Biotech company Bionaut Labs has just cleared a $20 million Series A funding round to continue developing tiny robots designed to treat disorders in the Central Nervous System. The funding round was backed by Khosla Ventures, Upfront Ventures, Revolution, BOLD Capital, and Compound.
Medical conditions such as glioma and Huntington's disease are targets for the company’s “Bionauts.” The robots are designed to enter the well-protected Central Nervous System that has been out of reach without causing a variety of side effects for the patient.
The robots are capable of delivering biologics, nucleic acids, and small molecule therapies. Future implications could include gene therapies, CRISPR, anti-sense oligonucleotides (ASOs), and oncolytic viruses.
Bionauts offer a less invasive operation by rotating through the Central Nervous System using magnetic fields generated outside of the body. Bionaut Labs’ Co-Founder and Chief Executive Officer Michael Shipigelmacher said, “We bring into the picture the anatomical precision, getting into the right anatomical target, and then once we release the payload, it provides the cellular, or biochemical precision, in the right spot. And that is oftentimes the gap, that anatomical precision.”
Bionaut Labs believes that if it can successfully penetrate the Central Nervous System without causing harm to the patient, then doors to many conditions can be unlocked. It may also be able to treat conditions on other parts of the body, as its targeted delivery methods are needed in liver, pancreatic, and cardiovascular cancers.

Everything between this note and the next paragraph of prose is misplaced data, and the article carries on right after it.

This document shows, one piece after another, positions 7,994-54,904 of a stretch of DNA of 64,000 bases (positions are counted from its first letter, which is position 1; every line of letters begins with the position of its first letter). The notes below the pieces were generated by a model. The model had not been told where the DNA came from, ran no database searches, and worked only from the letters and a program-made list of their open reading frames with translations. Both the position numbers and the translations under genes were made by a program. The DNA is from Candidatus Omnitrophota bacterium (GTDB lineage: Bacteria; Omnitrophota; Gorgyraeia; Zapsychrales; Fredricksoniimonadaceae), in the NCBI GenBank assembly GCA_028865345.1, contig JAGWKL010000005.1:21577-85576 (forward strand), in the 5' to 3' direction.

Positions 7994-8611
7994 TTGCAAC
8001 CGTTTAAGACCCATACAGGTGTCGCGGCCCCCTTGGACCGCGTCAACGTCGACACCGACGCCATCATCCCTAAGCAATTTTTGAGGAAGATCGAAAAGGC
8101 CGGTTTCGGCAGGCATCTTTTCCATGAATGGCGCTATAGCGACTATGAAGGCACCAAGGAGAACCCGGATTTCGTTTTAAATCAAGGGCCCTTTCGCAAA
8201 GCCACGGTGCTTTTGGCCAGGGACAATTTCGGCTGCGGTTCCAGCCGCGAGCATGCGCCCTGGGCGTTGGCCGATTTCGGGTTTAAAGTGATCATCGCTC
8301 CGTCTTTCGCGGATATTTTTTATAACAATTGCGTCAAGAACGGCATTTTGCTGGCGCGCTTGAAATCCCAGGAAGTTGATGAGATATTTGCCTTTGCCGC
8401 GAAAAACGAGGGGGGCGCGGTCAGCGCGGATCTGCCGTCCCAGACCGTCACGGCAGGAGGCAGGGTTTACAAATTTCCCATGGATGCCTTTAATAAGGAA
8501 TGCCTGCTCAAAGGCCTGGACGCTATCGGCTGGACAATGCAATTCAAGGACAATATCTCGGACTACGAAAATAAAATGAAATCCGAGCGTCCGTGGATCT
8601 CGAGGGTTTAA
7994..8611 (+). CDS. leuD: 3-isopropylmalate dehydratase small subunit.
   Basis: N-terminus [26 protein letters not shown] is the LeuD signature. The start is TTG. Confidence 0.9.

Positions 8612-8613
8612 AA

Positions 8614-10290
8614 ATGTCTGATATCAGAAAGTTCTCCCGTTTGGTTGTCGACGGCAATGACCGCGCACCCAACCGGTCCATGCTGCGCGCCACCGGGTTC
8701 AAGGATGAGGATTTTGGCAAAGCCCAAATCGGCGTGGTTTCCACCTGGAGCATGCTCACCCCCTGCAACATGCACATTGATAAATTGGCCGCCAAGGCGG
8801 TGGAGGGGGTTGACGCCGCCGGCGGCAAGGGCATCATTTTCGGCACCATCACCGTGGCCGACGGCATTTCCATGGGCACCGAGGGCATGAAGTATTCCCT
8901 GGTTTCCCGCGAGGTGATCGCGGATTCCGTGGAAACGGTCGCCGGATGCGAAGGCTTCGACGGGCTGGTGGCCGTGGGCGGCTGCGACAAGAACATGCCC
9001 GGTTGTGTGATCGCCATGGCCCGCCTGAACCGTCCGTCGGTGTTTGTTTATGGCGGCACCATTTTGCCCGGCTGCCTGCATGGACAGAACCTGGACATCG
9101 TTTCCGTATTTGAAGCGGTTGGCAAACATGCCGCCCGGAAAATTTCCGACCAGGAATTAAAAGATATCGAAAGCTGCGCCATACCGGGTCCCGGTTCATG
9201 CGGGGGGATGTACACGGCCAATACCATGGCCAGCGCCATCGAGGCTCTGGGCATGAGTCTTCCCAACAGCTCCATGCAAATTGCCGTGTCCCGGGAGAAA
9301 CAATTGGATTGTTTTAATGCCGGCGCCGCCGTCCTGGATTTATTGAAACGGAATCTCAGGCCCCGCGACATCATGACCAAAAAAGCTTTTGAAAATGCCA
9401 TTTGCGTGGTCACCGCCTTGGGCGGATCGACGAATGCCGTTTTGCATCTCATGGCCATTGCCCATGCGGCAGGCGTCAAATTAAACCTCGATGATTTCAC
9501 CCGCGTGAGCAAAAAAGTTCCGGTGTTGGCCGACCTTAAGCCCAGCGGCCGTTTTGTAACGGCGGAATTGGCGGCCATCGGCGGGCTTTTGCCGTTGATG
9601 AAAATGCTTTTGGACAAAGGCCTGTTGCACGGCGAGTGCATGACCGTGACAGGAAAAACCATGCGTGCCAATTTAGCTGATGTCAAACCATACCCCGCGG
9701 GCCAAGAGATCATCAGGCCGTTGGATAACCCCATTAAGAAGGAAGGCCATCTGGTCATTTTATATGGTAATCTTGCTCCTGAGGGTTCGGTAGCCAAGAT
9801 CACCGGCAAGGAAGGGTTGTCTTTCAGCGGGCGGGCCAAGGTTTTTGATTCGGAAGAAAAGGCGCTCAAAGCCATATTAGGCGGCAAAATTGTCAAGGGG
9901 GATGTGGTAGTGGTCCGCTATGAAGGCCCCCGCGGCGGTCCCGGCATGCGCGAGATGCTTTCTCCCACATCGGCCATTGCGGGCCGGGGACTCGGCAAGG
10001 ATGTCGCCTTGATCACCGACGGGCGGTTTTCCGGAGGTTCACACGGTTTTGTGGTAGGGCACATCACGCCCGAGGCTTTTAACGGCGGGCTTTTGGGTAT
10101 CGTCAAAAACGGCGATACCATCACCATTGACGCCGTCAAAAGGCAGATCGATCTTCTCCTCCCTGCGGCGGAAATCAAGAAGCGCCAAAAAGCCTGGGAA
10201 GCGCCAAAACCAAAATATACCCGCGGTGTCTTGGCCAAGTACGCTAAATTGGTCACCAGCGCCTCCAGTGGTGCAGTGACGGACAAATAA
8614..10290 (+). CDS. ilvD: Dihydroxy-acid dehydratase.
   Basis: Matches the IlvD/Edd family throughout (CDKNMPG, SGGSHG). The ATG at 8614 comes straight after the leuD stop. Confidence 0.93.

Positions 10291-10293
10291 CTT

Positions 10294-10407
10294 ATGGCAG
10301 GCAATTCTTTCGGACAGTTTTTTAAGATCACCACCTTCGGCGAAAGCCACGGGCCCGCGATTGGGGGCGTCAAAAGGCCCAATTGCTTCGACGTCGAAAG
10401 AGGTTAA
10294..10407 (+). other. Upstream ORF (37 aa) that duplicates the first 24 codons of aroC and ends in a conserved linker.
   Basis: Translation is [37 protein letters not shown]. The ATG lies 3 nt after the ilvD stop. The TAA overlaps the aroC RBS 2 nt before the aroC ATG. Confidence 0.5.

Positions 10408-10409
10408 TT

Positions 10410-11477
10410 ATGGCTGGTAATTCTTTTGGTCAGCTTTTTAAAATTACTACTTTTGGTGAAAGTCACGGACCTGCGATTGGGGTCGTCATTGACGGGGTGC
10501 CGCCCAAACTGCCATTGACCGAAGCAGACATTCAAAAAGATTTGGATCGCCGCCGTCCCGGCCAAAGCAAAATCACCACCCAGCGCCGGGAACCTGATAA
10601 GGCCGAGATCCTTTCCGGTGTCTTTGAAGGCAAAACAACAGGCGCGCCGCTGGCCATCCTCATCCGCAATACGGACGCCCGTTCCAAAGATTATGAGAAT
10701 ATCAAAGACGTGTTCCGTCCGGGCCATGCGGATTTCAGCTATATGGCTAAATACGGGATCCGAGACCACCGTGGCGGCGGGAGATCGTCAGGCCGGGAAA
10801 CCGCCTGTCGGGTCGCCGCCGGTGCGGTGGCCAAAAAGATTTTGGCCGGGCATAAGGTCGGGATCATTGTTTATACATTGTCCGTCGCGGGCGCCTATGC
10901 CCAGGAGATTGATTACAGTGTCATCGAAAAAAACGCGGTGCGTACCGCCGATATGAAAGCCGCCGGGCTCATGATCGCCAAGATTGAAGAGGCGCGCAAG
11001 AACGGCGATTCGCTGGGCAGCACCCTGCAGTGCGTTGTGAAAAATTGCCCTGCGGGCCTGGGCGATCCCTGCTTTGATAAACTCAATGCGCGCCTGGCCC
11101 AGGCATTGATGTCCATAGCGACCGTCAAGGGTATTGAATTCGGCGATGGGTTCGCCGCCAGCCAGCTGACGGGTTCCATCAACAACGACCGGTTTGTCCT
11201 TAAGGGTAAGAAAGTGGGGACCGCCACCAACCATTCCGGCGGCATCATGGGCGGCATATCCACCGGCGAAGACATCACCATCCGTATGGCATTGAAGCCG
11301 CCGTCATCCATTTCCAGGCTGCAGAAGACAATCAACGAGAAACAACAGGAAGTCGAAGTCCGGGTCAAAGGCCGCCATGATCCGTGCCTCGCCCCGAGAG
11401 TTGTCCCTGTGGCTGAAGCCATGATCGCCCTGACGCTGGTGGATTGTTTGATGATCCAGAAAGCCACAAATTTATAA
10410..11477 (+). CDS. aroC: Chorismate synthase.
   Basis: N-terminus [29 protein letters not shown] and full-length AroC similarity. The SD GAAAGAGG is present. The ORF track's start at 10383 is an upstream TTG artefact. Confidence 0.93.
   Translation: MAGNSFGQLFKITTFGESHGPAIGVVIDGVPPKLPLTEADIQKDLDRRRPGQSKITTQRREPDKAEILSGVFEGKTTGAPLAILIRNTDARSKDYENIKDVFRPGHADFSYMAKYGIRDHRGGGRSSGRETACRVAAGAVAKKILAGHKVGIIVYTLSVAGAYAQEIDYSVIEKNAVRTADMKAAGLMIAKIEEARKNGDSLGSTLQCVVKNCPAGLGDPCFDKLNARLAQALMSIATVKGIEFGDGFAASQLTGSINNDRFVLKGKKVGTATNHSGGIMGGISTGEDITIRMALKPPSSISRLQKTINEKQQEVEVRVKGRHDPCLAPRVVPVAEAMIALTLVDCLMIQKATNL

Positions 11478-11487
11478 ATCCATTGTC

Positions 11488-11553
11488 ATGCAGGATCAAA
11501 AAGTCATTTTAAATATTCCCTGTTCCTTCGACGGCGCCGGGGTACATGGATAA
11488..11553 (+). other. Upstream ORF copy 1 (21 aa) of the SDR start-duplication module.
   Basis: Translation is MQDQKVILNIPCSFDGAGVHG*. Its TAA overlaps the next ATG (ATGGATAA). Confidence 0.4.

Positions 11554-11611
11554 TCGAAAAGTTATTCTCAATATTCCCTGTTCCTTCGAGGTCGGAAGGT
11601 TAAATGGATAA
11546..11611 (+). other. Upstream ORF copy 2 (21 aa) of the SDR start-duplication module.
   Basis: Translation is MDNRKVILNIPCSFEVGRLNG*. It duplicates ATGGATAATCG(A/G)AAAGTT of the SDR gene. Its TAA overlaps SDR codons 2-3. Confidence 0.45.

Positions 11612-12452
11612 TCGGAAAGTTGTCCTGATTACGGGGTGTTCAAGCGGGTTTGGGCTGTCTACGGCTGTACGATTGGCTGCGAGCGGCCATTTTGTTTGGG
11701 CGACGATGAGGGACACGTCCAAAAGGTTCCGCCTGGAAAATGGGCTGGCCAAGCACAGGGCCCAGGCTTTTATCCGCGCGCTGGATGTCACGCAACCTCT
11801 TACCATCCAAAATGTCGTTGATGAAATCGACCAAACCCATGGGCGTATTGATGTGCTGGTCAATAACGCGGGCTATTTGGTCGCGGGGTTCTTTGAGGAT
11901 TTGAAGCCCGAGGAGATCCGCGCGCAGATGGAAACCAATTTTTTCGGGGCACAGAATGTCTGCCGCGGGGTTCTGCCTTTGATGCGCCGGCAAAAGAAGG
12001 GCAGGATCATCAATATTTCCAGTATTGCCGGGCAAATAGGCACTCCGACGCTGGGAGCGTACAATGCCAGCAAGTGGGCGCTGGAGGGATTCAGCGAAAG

The company has performed preclinical studies on mice and larger animals for robot testing. As of now no long-term neurological damage was recorded after insertion or removal. In the studies, the robots were able to treat glioma tumors by delivering therapeutic payloads into the tumor. Bionaut Labs is working to conduct human clinical trials in 2023.
The small size of the devices also has the ability to bring down costs, as the precision drug delivery that allows the robots to cause less harm to the patient also requires smaller dosages of medication. While the potential payoff is huge, the company has stated that the payloads are not clinically approved as of now.
Through the use of these tiny robots, developers are closer than ever to treating sensitive systems in the body. Bionauts may open the door to treating life threatening medical conditions that have been out of reach for decades.